Younger siblings have it rough. Not only do they get picked on and subjected to hand-me-down clothes and toys, it appears they might earn less money as adults.
A survey by CareerBuilder.com found that workers who were the firstborn in their family were more likely than their siblings to earn $100,000 or more annually. More middle children claimed to earn $35,000 or less than their firstborn or youngest siblings, and last borns were the least likely to report earning six figures.
Along with earnings, it appears birth order can also factor into your career choice. Firstborns tend to pursue careers that require higher education, such as medicine, engineering and law. Middle children often have excellent negotiating and people skills, and they tend to seek work in nursing, law enforcement, and firefighting. Last borns gravitate toward artistic and outdoor jobs, as well as careers in journalism, advertising, and sales.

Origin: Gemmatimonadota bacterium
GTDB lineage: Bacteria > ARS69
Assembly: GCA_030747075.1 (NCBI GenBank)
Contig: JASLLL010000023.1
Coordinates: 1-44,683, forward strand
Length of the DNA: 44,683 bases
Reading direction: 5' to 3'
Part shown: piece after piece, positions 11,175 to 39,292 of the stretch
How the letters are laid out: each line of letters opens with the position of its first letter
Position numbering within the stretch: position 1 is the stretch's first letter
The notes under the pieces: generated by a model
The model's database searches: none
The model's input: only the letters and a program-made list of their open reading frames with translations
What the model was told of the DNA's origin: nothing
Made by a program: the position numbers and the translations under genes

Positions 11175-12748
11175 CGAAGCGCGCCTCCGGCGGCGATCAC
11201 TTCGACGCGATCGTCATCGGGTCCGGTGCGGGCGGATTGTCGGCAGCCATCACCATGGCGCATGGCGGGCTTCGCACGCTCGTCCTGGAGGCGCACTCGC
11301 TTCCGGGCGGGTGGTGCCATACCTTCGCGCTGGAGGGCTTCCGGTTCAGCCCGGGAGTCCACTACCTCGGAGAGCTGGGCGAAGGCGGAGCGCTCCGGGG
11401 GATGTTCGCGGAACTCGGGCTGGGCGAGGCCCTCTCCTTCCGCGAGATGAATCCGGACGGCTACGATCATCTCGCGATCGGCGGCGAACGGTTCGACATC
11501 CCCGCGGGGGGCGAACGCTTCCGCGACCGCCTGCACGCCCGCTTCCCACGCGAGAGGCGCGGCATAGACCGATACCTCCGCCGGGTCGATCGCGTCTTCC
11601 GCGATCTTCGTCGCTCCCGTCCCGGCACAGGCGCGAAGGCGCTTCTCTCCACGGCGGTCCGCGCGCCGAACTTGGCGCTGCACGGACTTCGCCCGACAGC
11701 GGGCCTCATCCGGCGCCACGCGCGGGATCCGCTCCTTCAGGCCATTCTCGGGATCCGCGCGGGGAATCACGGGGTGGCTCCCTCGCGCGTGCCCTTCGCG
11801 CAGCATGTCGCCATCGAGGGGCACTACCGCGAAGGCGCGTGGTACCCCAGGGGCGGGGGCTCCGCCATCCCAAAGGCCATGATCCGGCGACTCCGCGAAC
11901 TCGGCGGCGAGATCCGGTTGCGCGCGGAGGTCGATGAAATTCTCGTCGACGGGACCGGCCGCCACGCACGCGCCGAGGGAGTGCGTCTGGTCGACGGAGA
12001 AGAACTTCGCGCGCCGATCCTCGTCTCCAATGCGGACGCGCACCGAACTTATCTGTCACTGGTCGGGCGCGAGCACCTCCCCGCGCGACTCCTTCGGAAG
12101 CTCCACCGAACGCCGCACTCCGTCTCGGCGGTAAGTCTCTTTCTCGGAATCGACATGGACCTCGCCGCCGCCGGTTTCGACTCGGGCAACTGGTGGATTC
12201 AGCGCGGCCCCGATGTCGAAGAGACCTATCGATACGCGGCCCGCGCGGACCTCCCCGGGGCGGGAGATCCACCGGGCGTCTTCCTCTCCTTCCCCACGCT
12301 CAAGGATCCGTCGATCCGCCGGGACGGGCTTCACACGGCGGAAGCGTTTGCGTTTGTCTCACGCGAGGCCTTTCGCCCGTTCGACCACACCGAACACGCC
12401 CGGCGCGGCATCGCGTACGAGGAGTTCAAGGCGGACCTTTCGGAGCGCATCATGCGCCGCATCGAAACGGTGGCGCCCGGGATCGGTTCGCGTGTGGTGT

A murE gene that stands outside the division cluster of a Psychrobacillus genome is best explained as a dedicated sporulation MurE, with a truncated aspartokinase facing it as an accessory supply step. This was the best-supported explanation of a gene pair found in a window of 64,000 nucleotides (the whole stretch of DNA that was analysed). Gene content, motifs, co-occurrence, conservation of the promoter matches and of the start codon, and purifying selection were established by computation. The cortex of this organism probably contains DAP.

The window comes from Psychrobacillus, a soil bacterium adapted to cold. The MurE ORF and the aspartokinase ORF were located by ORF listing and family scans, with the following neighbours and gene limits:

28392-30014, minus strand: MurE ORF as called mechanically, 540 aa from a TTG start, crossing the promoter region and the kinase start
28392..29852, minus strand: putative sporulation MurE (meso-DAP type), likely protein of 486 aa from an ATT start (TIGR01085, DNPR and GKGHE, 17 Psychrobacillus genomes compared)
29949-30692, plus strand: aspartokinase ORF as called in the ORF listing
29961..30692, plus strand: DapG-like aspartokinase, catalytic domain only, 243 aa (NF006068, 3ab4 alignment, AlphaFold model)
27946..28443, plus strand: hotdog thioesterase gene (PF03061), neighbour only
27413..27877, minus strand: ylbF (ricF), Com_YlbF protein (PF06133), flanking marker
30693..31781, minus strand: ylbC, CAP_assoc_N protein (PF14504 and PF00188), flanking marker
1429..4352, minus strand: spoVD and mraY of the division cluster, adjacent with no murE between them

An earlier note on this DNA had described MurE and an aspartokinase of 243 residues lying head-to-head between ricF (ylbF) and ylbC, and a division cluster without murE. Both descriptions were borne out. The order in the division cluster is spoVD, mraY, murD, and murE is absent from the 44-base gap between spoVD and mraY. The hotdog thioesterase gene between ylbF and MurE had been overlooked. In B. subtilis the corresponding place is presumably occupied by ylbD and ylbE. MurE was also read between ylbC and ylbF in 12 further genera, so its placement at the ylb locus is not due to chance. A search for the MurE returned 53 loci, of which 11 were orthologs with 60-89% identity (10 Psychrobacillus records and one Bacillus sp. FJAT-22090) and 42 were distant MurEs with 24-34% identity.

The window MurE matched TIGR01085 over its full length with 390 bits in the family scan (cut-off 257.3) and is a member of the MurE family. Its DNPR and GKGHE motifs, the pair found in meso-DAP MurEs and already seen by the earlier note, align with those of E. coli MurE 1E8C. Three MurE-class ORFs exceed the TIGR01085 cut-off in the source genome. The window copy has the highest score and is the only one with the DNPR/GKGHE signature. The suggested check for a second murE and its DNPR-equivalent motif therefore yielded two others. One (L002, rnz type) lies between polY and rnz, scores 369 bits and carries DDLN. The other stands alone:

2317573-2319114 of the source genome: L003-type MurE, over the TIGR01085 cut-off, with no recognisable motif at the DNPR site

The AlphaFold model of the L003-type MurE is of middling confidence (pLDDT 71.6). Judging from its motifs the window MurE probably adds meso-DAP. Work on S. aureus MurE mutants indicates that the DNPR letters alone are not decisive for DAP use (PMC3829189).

Only children are similar to firstborns in that they are motivated to conform to parental expectations. Research shows that those without siblings are more confident, articulate, and imaginative than other children. They also hate criticism and tend to be perfectionists.